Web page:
Essay about The Structure Of Salem And Its Puritan Society

Essay about The Structure Of Salem And Its Puritan Society

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1. The structure in Salem and its Puritan society is that those who are working for the government are considered to be at the high rank because they have more power. This is because they can all whether or not someone is a witch or not. Danforth, a judge, portrays the kind of power that he has. He says, “And do you know that near four hundred are in the jails from Marblehead to Lynn, and upon my signature” (Act III page 1190). Also he says, “Remove that man, Marshal” (Act III page 1187). The things that he says help show the audience that those who work for the government have power over the people. In the first quote, Danforth told Francis that he allowed four hundred people to be in jail because of him and the decision that he made. Cheever is known to be the second most powerful person in this story because he also works for the government. He said, “I like not the sound of it, I tell you’ I like not the sound of it. Now believe me, Proctor, how heavy be the law, all its tonnage I do carry on my back tonight. I have a warrant for your wife” (Act II page 1175). Cheever, having the warrant, was allowed to take away anyone whose name was on the warrant. The author made it seem like those who were married had the second most power because they had a companionship that would help each other out. The single women were the ones who had less power and would accuse people for witchcraft. However, through accusation, their status would rise slowly but not enough for them to have control over the people. Miller did not emphasize on the social status of poor and the wealth. Instead, he focused on those who have more power to protect themselves from such evil and haunting deeds. Arthur Miller was trying to tell the audience that something...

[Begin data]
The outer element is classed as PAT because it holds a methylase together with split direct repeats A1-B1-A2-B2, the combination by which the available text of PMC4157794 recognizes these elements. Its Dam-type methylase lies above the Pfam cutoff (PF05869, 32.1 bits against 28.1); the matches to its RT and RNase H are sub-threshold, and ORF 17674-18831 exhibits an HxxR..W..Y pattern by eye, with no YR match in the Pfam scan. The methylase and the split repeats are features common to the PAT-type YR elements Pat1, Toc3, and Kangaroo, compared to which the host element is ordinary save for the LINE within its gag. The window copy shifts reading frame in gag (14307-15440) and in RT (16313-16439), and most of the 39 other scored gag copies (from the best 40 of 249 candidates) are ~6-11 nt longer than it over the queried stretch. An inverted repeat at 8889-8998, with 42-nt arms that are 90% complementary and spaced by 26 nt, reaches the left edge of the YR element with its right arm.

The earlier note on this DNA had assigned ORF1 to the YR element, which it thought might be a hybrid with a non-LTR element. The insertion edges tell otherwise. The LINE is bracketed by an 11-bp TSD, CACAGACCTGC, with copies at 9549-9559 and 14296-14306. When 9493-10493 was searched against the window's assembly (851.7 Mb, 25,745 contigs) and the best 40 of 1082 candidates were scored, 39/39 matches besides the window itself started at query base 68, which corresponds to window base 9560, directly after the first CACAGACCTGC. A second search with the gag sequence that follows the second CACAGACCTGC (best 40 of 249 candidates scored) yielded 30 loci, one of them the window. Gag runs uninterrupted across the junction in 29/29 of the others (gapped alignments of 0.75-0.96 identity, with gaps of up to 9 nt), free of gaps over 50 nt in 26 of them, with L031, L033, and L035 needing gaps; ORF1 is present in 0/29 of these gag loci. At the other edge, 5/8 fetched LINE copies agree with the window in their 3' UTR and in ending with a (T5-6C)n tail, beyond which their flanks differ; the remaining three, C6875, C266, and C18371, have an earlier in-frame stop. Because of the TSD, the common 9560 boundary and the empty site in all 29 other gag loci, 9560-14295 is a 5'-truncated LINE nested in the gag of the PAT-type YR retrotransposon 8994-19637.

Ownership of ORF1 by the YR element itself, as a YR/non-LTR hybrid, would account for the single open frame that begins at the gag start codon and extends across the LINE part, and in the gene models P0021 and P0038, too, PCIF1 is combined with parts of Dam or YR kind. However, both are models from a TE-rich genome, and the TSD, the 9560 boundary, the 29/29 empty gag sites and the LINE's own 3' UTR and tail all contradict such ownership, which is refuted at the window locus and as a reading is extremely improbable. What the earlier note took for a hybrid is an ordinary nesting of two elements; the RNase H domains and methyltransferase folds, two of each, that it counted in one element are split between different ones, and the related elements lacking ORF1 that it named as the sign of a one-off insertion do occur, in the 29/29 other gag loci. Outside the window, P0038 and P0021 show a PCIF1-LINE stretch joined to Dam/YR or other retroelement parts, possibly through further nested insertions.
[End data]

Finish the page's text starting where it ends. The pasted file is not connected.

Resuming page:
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... action created a chain of effects. Not only did it hurt Danforth, but it also hurt others as well. Such as Tituba who had good intentions from the start. Abigail made her look bad by accusing her without knowing her true intentions. . Tituba, accused by Abigail, told Hale that she did not make Betty give her soul to the Devil. She firmly stands her position by saying that she loves Betty and how she is a strong Christian woman. Tituba said, “Aye, sir a good Christian women” and “Oh, yes, sir, I don’t desire to hurt little children.” (Act I page 1155). Soon later, Tituba confessed saying that she involved herself to witchcraft because Hale promised that if she told him then, he would promise to protect her. Hale said, “You have confessed yourself to witchcraft, and that speaks a wish to come to Heaven’s side. And we will bless you Tituba” (Act I Page 1155 and 1156).

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